Growers and their families were forced to quickly adjust to a completely new way of life, one stuck inside of their homes. We offered families the opportunity to visit the farm, using social distancing precautions, for Growers to see the animals they care for. We also provided families with a list of local parks that the Growers usually visit for their community outings as a way to get out of the house.
We finally felt a bit of relief when DHS/ODP announced that they would receive retainer payments until the crisis passes. These payments meant that all staff would have their jobs back, and the farm program would be alive and well for Growers when they are allowed to return. However, annual fundraisers are a large part of our ability to continue our programs for Growers. The Pancake Breakfast scheduled for April, the Golf Outing in May, and the Yard Sale in June were all canceled due to Covid-19 regulations. We hope to have our Fall Harvest BBQ in September as scheduled.
We want to thank all of our staff that continued volunteering during this time of crisis. Your work is greatly appreciated, and we will take this week to highlight your hard work and dedication to the farm.
To support the Farm and the eventual return of Growers and regular programming, please visit https://farmofhope.networkforgood.com/.
January 31, 2020; Erin Shifflet
Hope Springs Farm is proud to announce that they received a grant from Walmart Giving! Our program at Hope Springs Farm was nominated by the Team at the Harrisburg Walmart Store, and we want to thank them for this great honor. The Walmart Foundation provides grants and donations to support their local communities. This grant will be used for the Horticulture and Cooking programs at Hope Springs Farm. The generous grant will aid the staff by purchasing gardening and cooking supplies for them to prepare and conduct activities with the Growers at the Farm.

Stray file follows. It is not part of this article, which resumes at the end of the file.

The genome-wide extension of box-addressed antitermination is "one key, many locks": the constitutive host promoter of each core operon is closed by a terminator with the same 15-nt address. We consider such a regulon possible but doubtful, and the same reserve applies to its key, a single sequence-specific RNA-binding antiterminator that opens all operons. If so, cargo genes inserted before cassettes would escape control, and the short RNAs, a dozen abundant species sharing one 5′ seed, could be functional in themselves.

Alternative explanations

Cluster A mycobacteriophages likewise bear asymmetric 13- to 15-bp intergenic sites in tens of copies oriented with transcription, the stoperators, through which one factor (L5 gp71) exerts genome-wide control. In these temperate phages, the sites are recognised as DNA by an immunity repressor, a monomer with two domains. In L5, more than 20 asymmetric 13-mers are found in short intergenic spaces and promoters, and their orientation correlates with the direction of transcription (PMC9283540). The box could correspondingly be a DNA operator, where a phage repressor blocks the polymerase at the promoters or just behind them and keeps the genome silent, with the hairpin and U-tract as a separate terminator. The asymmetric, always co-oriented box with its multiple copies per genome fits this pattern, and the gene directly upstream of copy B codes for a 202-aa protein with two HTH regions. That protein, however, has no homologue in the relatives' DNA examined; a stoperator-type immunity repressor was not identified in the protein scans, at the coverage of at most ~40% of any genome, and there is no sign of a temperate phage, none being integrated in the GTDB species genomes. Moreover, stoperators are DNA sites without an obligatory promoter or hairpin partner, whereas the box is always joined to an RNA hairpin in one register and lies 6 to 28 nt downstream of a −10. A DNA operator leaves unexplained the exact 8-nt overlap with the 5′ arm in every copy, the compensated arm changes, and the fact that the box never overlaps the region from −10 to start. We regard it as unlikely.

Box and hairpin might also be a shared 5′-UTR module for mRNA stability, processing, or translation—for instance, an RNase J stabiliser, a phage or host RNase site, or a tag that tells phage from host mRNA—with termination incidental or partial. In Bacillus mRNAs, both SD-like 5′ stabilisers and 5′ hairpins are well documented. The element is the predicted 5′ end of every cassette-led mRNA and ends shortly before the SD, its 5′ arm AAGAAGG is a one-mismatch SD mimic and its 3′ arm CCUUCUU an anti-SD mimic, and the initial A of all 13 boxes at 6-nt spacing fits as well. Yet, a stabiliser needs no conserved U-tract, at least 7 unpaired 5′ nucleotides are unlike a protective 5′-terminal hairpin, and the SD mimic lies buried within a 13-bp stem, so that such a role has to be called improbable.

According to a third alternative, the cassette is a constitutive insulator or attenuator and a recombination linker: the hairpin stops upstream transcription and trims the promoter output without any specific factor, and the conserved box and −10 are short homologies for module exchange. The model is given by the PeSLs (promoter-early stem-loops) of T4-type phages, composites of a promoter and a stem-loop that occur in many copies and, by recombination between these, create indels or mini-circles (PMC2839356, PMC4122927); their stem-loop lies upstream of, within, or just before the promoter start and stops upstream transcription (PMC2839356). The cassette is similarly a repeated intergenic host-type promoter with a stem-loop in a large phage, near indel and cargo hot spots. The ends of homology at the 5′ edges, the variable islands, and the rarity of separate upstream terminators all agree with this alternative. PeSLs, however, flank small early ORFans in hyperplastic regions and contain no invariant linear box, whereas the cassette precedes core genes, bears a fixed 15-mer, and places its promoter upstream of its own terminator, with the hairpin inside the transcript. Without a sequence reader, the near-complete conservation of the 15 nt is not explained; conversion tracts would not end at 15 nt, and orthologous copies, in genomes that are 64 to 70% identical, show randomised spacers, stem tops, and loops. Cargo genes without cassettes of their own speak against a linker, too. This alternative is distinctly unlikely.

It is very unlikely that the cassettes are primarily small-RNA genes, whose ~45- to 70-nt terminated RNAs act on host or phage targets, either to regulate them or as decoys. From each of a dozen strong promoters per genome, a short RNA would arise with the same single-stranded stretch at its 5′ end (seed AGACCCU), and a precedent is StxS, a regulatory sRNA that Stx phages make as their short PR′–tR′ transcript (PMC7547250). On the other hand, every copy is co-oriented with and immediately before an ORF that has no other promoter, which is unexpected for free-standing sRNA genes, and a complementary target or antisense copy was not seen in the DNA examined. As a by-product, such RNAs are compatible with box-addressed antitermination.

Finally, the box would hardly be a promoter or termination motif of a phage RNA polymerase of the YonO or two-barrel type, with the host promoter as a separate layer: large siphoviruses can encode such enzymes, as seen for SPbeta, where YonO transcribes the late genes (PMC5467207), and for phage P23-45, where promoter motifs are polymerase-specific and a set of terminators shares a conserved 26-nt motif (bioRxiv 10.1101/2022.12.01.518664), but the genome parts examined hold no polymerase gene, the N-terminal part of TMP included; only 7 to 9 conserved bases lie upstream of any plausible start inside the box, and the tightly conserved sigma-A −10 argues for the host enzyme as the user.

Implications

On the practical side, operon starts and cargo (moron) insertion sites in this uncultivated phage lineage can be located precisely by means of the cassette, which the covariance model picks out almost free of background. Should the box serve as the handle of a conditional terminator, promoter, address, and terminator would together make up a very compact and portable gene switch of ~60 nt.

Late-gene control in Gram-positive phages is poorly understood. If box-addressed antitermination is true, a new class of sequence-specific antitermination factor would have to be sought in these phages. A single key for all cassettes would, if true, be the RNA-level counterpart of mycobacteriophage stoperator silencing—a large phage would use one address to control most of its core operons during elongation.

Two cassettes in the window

Horticulture is the art or practice of garden cultivation and management. The Growers learn how to care for the plants and even start growing the vegetables and fruit from seeds over the winter in our greenhouse located on the farm’s property. The cooking program allows the Growers to continue to grasp the life skill of cooking and baking while getting to enjoy it after. Harvests from the garden are used in addition to other supplies obtained through donations or shopping at various grocery stores.
Keep up with our blog and social media pages so you don’t miss any of the behind the scenes fun!
December 23, 2019
We are excited that we had such a good turnout for this year’s Annual Holiday Community Sing! Many thanks go out to WB Music Therapy for leading this event every year. We could not be more thankful for their help in bringing holiday joy and happiness to our Growers and supporters. The staff and Growers here would also like to thank Community Aid for their help in providing us a grant to support our Music Therapy program at Hope Springs Farm. Another huge thank you goes to the First United Methodist Church of Hershey who so kindly hosted us for our annual event again.